Plan: Software upgrade deploy LSM on the Cosmos Hub


The LSM is best understood as a form of regulation on liquid staking providers. It enacts a safety framework and associated governance-controlled parameters to regulate the adoption of liquid staking.

The LSM mitigates liquid staking risks by limiting the total amount of ATOM that can be liquid staked to 25% of all staked ATOM. As an additional risk-mitigation feature, the LSM introduces a requirement that validators self-bond ATOM to be eligible for delegations from liquid staking providers or to be eligible to mint LSM tokens.

At the same time, the LSM introduces the ability for staked ATOM to be instantly liquid staked, without having to wait for the twenty-one day unbonding period.

Finally, stakers have an option to lock their stake to prevent it from being instantly tokenized without an unlocking period. This is designed as a security mechanism to enable coordinating recovery in the case of wallet compromise.

In sum, the liquid staking module equips the Cosmos Hub to thrive in a world with increasing demand for liquid staked ATOM. It proposes a safe, regulated path towards increasing capital efficiency.

ETH liquid staking has over 30% adoption, but despite its tremendous recent growth, ATOM liquid staking adoption is still around 1%. To support the integrations necessary for vibrant economic activity to flourish in Cosmos, liquid staking tokens need adoption. To bring Ethereum levels of liquidity to Cosmos, liquid staking in the Cosmos needs a sound regulatory framework – the LSM is that framework.


LSM is ready to be deployed on Gaia today. It has been in development for over a year and in early April, the Cosmos Hub community voted overwhelmingly to deploy it to mainnet.

To date, the LSM code has been developed in github repo under the iqlusion github org. Unfortunately actually deploying the forks of staking, slashing and distribution from the iqlusion github repo poses practical challenges with how the SDK is currently organized.

Finally, there is a strong consensus that eventually the right approach for the long term maintainability of the liquid staking module is a separate module within the release structure of the SDK as x/fungibility. This will require minor changes to core staking, distribution and slashing modules. This merger is several months out.


The Cosmos Hub’s mainnet currently runs on Cosmos SDK v0.45.16-ics, a branch of the 45 SDK with interchain security logic added. A software upgrade will be proposed that will point Cosmos Hub mainnet at the Cosmos SDK’s v0.45.16-ics-lsm branch. This *-lsm branch will contain both ICS and LSM changes.

The v0.45.16-ics-lsm branch is feature frozen and maintenance will only consist of security fixes. ICS-related bug fixes will be managed by the ICS/Hub team, LSM-related bug fixes will be managed by the Iqlusion team, and SDK bug fixes will be managed by the SDK team.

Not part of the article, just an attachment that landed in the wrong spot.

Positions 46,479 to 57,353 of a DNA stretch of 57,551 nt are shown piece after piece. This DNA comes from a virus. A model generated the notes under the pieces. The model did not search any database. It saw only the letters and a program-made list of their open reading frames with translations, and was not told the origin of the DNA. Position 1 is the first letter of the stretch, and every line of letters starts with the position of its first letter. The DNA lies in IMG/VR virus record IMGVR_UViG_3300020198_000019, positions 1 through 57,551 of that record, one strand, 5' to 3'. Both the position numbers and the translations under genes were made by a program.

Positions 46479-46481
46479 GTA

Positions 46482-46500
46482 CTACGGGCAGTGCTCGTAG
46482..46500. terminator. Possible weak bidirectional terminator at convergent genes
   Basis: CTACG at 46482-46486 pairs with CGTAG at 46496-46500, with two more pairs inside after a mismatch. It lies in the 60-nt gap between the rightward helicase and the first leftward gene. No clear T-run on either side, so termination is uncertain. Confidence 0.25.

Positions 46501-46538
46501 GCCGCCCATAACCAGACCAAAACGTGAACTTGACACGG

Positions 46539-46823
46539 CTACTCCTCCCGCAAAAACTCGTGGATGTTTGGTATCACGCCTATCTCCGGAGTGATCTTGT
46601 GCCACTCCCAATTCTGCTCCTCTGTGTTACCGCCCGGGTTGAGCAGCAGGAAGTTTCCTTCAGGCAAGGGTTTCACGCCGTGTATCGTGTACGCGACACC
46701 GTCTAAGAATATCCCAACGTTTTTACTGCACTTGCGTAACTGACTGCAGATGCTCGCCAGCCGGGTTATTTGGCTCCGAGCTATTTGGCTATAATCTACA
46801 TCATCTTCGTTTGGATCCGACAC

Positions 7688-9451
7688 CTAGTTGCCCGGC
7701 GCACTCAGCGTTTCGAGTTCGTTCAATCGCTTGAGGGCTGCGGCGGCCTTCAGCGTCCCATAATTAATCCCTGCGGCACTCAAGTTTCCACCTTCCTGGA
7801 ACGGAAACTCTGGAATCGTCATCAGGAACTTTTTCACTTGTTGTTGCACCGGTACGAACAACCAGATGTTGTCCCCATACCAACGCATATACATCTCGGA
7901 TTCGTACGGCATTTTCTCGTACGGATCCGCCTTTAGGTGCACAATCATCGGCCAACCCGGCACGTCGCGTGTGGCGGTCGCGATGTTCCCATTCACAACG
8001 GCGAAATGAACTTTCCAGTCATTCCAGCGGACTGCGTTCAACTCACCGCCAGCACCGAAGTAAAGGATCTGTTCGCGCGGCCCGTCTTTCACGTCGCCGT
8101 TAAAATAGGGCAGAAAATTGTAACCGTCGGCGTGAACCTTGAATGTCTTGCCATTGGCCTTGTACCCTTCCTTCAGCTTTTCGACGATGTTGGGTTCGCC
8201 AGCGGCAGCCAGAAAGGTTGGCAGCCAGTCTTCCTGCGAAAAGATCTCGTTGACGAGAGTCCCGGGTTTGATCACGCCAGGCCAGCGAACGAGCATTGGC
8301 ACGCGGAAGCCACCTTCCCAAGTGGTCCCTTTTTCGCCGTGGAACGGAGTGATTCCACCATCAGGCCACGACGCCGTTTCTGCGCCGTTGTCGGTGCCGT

This plan allows the Cosmos Hub to deploy LSM in a safe and timely manner without ruffling feathers on other chains that may prefer to wait until the x/fungibility version of the LSM is ready before upstreaming it into the SDK.

When the Hub moves to its next release (0.46/0.47/TBD), we’ll follow the same pattern, with an SDK branch *-lsm. The expectation is that each of these releases will not see new features at the time and maintaining the additions will not be a huge overhead.

By the time SDK 0.50 comes around, possibly sometime in 2023 Autumn, there will be coordinated efforts to rewrite the staking module in a way that allows the LSM to be a modular part of the SDK, instead of a separate branch. At that time the SDK can retire the *-lsm branches.


wont the LSM further centralize validator voting power?

doesn’t this mean that validators can buy (self-bond) the rights to LSD delegations at 250:1?

This will result in a centralization flywheel where the validators with the most voting power are incentivized to self-bond as quickly as possible to claim delegation rights, increasing their already oversized voting power, and once 25% is reached those same oversized validators are incentivized to pass a prop to increase the cap.

Seems to make the claim that the LSM mitigates LSD risk by limiting it to 25% of staked supply entirely moot.

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I think that there’s a double edged sword to the 25% requirement but that’s how we passed it and it’s not a bunk requirement.

On one hand, we keep the level of mobile stake below the 33% threshold that could crash the hub.

On another hand, we are for the first time creating different classes of stake and I don’t know what results will look like there.

As for concerns about centralization, this is really not my largest concern here.

I expect that the protocols and teams are well served by having steak well distributed.

No, it is a bunk requirement because it is entirely arbitrary and doesn’t align with the interests of stakers.

is it surprising that validators almost unanimously agreed to award themselves very attractive incentives despite the LSMs inescapably centralizing effect?

what reason would anyone have to believe validators would not vote a 2nd time to benefit themselves and raise the cap to 30%…because its not 33%…

who cares about mobile stake below 33%? LSD delegations aren’t equally distributed between everyone in the active set, & governance is decided by <2/3 of staked supply anyway. that was the point of bringing these things up:

of course LSM centralization doesnt concern you, it benefits you.

Sir, could you give more detail on how lsm centralization benefits myself or notional?

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